Friday, June 15, 2018

Who... nu?

The goal of this blog is to bring something new (or some nu?) to your Shabbat Table. Please share / like / tweet / etc.

who+knewIf you ask the man-on-the street, "Who's buried in Grant's tomb?" what do they say?

What about this one: "Where's the Great Pacific Garbage Patch located?"

OK, those are warm-up questions for your table. Let's try this one out on your average Jewish school graduate:

1. How many books of Tanach are there?

Many literate Jews will accurately say 24.

But then ask:

Can you name them?

I'm guessing that 1 in 10 you ask - regardless of their Jewish affiliation or background, can name all 24 (even out of order).

Of those 1 in 10, I'm guessing it's another 90 percent reduction to those who can answer this:

Who wrote each one?

The reason this is such a tricky question is not because modern scholarship has thrown its shadow of doubt over everything traditional.

The problem is that even according to tradition, many of the authors are counter-intuitive.

For example, according to the Talmud, the prophet Isaiah didn't write Isaiah and Queen Esther did not write Esther.

So nu? Who?

If you really want to know, shoot me an email and I'll send you the complete list.

But on a slightly related topic, I created a second interesting document that you might enjoy - it's a list of so-called secular subjects that are discussed in the Talmud, and where - including:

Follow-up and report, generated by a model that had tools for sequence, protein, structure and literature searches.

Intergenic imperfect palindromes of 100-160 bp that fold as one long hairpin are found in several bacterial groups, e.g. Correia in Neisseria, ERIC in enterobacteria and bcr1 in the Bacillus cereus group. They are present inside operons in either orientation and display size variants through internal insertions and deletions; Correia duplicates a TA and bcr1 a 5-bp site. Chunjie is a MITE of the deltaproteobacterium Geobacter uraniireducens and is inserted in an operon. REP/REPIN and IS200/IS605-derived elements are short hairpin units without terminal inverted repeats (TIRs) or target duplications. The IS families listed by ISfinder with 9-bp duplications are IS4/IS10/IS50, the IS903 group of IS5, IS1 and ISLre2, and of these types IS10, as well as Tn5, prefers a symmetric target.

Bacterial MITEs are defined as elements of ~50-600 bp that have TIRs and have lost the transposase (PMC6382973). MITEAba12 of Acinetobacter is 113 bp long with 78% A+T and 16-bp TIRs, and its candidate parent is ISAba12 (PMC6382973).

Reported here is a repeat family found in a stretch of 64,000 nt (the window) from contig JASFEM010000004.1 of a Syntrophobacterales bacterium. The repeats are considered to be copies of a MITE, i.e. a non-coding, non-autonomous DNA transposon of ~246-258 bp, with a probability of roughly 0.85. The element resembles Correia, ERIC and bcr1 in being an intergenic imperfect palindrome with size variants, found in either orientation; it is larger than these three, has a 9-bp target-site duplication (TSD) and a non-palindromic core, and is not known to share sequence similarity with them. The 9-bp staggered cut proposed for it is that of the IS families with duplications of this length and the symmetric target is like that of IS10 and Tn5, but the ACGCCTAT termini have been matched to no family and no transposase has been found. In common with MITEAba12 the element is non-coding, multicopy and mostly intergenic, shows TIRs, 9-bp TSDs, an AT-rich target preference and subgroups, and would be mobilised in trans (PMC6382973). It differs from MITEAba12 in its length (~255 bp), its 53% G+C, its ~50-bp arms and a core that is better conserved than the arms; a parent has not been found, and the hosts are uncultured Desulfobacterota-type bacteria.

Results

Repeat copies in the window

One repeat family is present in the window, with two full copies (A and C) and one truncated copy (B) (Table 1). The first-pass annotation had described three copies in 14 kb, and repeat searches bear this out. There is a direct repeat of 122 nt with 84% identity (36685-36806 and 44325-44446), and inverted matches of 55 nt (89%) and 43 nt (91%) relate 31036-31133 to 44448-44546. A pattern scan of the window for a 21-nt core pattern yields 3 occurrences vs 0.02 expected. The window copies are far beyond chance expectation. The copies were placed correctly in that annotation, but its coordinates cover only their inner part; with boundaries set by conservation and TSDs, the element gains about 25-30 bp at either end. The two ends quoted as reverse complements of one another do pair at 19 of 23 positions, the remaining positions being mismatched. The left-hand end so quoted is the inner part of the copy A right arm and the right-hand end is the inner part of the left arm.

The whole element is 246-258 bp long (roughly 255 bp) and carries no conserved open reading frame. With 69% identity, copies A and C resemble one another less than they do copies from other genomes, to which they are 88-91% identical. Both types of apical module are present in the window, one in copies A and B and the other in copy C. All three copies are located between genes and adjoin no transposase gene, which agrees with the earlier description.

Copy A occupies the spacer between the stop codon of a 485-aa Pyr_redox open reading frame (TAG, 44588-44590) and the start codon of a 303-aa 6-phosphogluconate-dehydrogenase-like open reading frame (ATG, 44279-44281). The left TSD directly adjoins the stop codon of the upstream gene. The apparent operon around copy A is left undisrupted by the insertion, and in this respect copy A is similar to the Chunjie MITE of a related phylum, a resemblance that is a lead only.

• General Science
  • Astronomy
  • Environmental Science
  • Biology
  • Chemistry
  • Medicine
  • Physics
  • Paleontology
  • Language Arts
  • Statistics
  • Mathematics
  • Geography
  • History
  • Economics
  • Real Estate
Again, if this sort of stuff interests you, or there is someone you'd like to share it with, shoot me an email and I'll send you the doc.

But for your table, I'll leave you with this question:

Is knowledge of these things (the books of Tanach, who wrote them, the range of wisdom of the Talmud), an important part of being a literate Jew?



Shabbat Shalom
   
PS - If you haven't already, please visit barmitzvahalbum.com . . . And kindly "like" and "tweet" and all that stuff.

Friday, June 01, 2018

A Man, a Plan, a Canal . . .

The goal of this email is to bring some reorientation to your Shabbat Table. Plea
In memory of my grandparents, global travelers, who's yahrzeits were just observed.
Happy birthday to Kyle in California. Bon Voyage to Harmon in Panamá.

 

Sailing the CanalReceived a call from our daughter Goldy this morning. Her year-in-Israel program has taken them to Poland for a few days. They are having a visceral experience seeing where their ancestors lived and where their distant cousins were slaughtered. She said it is the single most meaningful activity of her entire year abroad.
Later in the day, a call came in from the other side of the globe, Panama.

Our friend Harmon just passed through the Canal to begin another great sailboat race.


And thinking about these two calls from opposite sides of the globe representing two opposite orientations, got me thinking about.... the globe and orientation.